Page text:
The concept of buy low and sell high could not be easier to understand.It is the single most important rule when it comes to investing. Yet, it is also the hardest rule to follow.
Just ask all of the bagholders who thought it was wise to buy Gamestop up to $483 – when shares were less than $20 just a few weeks earlier.
I understand the hate toward Wall Street short-sellers. In fact, I wholeheartedly agree with them – those who have followed this newsletter have experienced this pain.
Many years ago, we tried to beat a notorious short-seller who shorted one of the stocks I was a huge fan of. In order to try and crush the short seller, who posted and orchestrated numerous anonymous and misleading reports, I never sold when the stock ran during the squeeze.
The stock I am talking about was introduced to our readers at $0.34. It ran to over $3 and was one of the most heavily traded stocks on the TSX Venture. I didn’t sell at the highs because my ego didn’t want the short sellers to win.
We sent numerous complaints to the regulators about what happened. But nothing happened.
As a result, I – and many other investors – lost out on the potential to make a lot of money.
But more importantly, it eroded confidence in the stock and severely hurt the company moving forward.
I learned two important lessons…
Lesson 1: Take advantage of the short squeeze by taking profits.
Diamond hands are cool. But stupid.
Suppose retail traders actually orchestrated the Gamestop short squeeze on Reddit* as a way to attack the short-sellers. In that case, they should have done something completely different: move onto the next short squeeze.
(*I still think it was orchestrated by the hedge funds, using Redditers as a scapegoat.)
You see, most retail investors don’t understand just how easy it is to cover a short – especially if the stock is up over 2300% in a few weeks. All the short funds have to do is offer money to the company (as AMC did), and shorts are covered overnight.
Want to beat the shorts?
Squeeze them, and move on to the next one.
And never let them know you’re coming. Just be sure the short funds don’t already have a cover such as a convertible note that can be converted into shares. You can find this in Edgar and SEC filings in the U.S. and Sedar filings in Canada.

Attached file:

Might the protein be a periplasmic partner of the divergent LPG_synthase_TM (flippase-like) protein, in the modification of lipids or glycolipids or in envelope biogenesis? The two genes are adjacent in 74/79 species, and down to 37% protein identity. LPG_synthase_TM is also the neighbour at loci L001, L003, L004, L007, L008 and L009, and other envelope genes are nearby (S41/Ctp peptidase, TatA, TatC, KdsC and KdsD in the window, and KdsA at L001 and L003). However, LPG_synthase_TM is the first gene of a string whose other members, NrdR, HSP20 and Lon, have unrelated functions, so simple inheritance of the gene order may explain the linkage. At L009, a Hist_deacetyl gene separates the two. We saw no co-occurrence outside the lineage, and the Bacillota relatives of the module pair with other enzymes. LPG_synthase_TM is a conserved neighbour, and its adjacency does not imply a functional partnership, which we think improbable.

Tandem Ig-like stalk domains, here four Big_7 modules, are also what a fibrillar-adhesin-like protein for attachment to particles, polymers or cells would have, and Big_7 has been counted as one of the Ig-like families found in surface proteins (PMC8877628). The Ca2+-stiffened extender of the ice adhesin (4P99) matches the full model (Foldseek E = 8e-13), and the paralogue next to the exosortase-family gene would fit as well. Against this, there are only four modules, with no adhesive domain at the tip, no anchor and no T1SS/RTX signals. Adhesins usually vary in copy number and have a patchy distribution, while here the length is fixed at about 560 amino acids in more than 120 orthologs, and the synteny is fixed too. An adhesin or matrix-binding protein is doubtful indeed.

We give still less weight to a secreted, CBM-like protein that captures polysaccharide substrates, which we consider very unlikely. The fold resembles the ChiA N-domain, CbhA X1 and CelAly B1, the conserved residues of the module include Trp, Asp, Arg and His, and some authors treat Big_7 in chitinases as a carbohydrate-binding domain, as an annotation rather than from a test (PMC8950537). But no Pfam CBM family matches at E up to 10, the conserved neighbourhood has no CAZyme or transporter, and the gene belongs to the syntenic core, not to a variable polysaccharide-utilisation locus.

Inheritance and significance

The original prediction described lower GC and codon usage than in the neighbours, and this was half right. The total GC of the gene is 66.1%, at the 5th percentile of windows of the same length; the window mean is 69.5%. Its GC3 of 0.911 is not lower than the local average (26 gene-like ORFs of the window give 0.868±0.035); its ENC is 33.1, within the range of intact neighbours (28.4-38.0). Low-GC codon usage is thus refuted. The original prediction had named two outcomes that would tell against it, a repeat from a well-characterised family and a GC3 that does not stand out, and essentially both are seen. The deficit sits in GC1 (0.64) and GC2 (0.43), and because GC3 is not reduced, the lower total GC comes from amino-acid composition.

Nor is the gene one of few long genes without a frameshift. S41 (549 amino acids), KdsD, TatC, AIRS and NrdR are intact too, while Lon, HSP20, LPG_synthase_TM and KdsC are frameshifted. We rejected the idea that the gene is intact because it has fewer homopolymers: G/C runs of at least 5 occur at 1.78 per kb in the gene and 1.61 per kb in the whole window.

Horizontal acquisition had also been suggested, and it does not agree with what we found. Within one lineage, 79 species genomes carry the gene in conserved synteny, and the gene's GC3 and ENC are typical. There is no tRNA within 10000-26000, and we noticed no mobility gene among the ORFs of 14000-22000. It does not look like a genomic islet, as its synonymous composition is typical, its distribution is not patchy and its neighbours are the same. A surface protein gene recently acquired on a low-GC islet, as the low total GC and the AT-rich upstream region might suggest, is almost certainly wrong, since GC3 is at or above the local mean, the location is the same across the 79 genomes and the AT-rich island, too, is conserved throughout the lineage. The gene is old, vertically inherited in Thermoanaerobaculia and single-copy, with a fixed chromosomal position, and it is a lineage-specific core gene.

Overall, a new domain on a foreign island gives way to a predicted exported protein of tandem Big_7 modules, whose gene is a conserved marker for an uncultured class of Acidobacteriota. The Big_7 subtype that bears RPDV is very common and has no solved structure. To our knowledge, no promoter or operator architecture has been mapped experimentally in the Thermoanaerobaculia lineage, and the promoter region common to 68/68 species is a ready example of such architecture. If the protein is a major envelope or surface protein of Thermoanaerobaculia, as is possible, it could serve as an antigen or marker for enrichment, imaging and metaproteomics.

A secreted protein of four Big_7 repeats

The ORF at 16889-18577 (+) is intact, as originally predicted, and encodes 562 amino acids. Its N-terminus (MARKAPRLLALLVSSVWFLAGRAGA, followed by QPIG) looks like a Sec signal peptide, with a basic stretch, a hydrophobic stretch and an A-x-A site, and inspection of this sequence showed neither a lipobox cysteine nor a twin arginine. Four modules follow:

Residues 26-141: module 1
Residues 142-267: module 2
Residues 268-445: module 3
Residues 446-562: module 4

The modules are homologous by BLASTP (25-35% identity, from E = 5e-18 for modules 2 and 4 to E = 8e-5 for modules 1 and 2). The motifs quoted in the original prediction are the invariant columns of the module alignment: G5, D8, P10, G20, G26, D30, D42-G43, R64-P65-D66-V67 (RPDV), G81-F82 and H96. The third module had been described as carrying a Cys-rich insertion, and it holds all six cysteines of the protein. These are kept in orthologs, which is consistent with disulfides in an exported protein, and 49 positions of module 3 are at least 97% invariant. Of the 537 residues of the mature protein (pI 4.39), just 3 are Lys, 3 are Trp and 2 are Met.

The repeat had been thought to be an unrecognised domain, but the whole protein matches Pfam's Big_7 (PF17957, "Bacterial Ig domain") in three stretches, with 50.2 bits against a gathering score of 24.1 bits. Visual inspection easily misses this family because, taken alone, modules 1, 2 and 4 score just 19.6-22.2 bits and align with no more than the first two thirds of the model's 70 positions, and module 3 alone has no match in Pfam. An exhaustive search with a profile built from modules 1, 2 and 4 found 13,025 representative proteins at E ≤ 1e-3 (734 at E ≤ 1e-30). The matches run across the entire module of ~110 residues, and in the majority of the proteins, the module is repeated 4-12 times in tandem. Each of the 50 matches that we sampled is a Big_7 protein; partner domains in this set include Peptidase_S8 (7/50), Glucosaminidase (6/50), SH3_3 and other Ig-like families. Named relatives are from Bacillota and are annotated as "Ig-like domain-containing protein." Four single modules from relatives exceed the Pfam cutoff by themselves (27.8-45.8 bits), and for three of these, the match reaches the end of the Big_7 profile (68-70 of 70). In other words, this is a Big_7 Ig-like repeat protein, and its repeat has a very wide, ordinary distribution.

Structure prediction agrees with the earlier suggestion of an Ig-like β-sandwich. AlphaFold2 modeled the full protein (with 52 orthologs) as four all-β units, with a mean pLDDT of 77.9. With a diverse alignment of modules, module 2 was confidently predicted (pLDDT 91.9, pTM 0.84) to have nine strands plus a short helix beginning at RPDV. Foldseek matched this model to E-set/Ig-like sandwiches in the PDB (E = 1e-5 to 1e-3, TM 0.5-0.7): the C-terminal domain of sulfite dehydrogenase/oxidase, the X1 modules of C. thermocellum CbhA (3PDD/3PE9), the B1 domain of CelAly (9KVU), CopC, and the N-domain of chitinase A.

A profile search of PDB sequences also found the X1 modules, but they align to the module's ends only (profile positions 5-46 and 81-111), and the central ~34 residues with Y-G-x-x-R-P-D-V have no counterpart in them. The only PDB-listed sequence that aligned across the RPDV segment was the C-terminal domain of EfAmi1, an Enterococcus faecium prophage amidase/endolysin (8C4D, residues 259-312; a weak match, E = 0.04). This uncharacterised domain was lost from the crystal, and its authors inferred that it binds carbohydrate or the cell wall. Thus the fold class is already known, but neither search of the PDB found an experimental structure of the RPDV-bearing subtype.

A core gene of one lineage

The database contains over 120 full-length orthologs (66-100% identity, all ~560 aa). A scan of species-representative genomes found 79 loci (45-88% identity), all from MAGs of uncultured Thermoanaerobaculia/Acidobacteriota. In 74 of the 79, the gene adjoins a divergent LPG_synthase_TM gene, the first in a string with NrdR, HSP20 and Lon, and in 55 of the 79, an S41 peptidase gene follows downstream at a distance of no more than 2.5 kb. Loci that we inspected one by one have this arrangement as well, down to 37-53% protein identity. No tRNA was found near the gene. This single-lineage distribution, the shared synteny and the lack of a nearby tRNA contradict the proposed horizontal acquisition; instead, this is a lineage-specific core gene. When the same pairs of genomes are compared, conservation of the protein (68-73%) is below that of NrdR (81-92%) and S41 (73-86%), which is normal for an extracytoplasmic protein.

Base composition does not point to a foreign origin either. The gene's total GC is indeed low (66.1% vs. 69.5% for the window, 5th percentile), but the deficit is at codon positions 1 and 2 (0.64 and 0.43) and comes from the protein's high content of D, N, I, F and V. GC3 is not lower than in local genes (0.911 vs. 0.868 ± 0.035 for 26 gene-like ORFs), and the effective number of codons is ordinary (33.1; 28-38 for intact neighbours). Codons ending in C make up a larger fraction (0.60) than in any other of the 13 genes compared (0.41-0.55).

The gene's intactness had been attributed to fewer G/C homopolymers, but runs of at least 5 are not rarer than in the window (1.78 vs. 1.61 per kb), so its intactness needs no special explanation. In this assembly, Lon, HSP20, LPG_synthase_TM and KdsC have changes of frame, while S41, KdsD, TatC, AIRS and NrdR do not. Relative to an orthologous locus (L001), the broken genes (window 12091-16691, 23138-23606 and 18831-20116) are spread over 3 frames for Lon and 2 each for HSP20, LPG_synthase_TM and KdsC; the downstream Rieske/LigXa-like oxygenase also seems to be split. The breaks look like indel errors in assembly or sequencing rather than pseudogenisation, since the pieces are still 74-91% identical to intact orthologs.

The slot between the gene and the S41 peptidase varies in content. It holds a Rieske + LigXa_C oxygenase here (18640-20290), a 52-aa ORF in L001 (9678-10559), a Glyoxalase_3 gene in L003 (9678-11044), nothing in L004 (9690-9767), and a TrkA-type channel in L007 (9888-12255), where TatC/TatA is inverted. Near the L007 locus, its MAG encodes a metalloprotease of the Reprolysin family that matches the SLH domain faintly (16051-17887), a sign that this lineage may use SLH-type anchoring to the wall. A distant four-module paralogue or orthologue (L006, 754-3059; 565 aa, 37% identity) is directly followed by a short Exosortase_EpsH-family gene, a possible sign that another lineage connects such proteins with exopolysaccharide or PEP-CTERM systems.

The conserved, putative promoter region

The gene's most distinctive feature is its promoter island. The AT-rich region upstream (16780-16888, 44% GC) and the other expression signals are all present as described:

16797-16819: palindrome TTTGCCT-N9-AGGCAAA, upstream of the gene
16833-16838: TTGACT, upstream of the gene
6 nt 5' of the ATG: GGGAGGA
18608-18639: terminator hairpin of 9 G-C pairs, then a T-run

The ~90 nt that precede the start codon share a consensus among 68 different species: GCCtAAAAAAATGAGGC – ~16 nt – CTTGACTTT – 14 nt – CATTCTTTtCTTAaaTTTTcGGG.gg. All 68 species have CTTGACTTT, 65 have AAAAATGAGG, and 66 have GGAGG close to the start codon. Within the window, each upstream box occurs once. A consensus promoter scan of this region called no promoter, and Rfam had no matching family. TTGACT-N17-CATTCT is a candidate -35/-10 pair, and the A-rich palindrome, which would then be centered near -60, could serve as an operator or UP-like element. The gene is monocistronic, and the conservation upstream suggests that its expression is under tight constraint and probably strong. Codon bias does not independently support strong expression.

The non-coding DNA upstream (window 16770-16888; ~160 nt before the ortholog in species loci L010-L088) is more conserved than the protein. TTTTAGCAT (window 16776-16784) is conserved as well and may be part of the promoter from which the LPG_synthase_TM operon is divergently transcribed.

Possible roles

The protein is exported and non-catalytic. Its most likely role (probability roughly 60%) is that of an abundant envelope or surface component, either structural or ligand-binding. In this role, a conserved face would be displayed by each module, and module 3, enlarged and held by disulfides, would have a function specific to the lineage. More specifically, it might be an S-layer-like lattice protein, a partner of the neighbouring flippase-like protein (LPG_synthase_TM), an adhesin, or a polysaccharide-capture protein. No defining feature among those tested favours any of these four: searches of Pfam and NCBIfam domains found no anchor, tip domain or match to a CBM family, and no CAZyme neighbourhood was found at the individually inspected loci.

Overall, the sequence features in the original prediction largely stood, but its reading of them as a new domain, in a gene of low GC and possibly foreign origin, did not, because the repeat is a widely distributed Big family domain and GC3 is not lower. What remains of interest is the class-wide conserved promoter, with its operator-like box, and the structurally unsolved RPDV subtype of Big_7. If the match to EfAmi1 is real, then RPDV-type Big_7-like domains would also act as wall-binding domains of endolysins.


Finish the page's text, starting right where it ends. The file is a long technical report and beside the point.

As a side note, I know marijuana is back in the limelight – so, if you’re trying to short squeeze a marijuana stock, beware that many of them have raised a ton of money using convertible notes – hence the wild swings you see within the sector. If a short fund gets caught in a squeeze and they have these notes, they can exercise to cover their shorts without ever having to buy in the open market.
Lesson 2: Short sellers always get away.
And that is the most important topic for today.
8 years…and nothing has changed
Back on May 26, 2013, I wrote the Letter, “Why the TSX Venture is Failing.” In that letter, I detailed two critical factors affecting the Canadian stock market – which also applies, to some degree, in the U.S.
- Lack of Transparency
2. Illegal/Naked Short Selling
Let’s start with the first.
“The biggest and most important aspect of any stock-trading platform is transparency.
Investors should be able to see exactly how many bids and sell orders are available for a stock at any given time – especially for an exchange that has minimal liquidity and, therefore, much easier to manipulate. This is how investors calculate at what price he/she should place a buy or sell order.
The market depth can be seen using a paid service called Level II that gives you access to the order book in real-time. I have always said that anyone who trades should pay for such a service. However, even with this service, you’re far from being protected.
Especially since regulators decided to enforce what they believe to be fair competition on the TSX and TSX Venture…
Multiple Trading Platforms